moma hijabs smallFrom the Arts Voyager Archives: Display figures with hijab, in East Jerusalem market. Photo by Danny-w. Some rights reserved. Used through Creative Commons. Courtesy Museum of Modern Art.

Rodrigues’s “Bovary” also arrives in Paris at a moment in which a group of Left-wing activists calling themselves “Nuit Debout” (Night standing up) has been occupying the Place de Republique at night since mid-March. But while Nuit Debout promotes a very selective vision of Democracy which excludes anyone who doesn’t agree with them (the rest of us are the “Fachos”), Rodrigues, by quoting from the actual transcripts of the 1857 trial the government instigated after “Madame Bovary” first appeared in serial form (the author himself paid for the stenographer), lets both sides present their best case. As formulated by David Geselsen’s defense attorney (once he stops speeding through his lines, an annoying tendency by many young French actors, especially regrettable when delivering legal arguments which require some mastication), a government zeal which followed to its logical conclusion would require deleting suggestive words from the dictionary because of their proximity with upstanding words like “Christianity” has scary resonance at a time when conditions provoked by an attack on free speech (the Charlie Hebdo massacres) have lead to an environment in which one is not always sure what is considered acceptable speech.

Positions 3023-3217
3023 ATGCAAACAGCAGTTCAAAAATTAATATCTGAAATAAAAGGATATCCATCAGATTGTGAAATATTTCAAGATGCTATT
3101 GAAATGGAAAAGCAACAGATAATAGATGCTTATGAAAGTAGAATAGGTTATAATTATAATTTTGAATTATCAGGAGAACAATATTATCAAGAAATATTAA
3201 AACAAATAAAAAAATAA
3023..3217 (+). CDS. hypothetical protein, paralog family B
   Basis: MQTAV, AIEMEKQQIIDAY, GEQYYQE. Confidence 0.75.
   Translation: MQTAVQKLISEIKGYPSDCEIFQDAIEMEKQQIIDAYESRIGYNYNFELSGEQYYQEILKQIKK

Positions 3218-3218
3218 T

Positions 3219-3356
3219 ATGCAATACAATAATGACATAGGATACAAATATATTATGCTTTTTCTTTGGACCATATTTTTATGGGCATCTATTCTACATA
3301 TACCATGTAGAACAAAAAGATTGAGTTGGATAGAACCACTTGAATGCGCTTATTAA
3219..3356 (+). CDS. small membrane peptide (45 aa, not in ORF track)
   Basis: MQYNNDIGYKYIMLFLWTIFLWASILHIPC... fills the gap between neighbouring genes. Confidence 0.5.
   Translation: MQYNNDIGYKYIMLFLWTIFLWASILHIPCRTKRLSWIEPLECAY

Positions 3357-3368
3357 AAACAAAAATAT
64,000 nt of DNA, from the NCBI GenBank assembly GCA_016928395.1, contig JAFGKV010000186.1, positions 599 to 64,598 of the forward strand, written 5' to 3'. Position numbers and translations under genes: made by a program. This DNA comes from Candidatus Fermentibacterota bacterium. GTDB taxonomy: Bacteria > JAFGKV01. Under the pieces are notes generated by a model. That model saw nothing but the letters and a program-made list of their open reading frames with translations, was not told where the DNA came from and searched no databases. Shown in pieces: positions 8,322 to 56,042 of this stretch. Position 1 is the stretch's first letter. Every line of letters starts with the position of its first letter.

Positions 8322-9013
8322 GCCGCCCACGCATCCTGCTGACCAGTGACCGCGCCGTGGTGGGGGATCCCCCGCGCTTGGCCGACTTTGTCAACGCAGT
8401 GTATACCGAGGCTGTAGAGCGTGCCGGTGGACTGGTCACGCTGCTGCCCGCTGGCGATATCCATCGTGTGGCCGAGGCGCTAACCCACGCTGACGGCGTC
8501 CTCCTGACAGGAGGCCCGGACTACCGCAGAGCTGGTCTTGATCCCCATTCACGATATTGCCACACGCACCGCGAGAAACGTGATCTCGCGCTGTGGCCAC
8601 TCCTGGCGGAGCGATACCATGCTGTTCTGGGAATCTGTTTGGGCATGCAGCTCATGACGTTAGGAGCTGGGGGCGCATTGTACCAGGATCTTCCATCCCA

For Rodrigues’s “Bovary,” the government case gets an adept advocate in the person of Ruth Vega-Fernandez, perhaps the most charismatic young actress working in France today. (Although she could do to tone down a tic she seems to have adopted for this role, of describing and punctuating her arguments with articulated arms, hands, and fingers; used once or twice, it’s compelling, but over-used it just ends up calling attention to the artifice.)

Between Vega-Fernandez, Geselsen, and the occasional choice interjections by Jacques Bonnaffe’s Flaubert, the “Bovary” trial as recreated on the stage of the Theatre de la Bastille — where I caught it May 13 — provides a valuable example of juicy, rich, and well-founded (on both sides) constructive discourse in a France in which reasoned and polite debate seems to have been supplanted by virulent polemics. It’s almost as if because the immediate question — whether Flaubert’s tale of Emma Bovary, who seeks to escape a suffocating marriage through liaisons with flighty lovers, promotes infidelity, or whether the author is simply reporting on a social condition — is (apparently) so removed in time, the audience is able to patiently assimilate and consider the merits of each argument without the dogmatic predispositions that make healthy debate nearly impossible today. And makes me think that what we need in the current climate of polarization is not more philosopher-pundits or ZAD (Zone a Defend)ists masquerading as Democrats (and attacking police, 350 of whom have been injured this year; they too marched May 18 protesting hatred of the police) but apt theater directors able to reveal the timeless lessons in ‘ancient’ tales. In a country in which, historically, vigorous debate has sometimes been replaced by, on the one side, anarchist violence including bombings and, on the other, stifling of dissent, theater directors and artists in general who have the ability to frame debate in a constructive, non-manipulative way (Vega-Fernandez’s attorney is not just a fall guy, her convincing arguments being delivered with conviction) have a critical role to play in illuminating the issues in a serene fashion.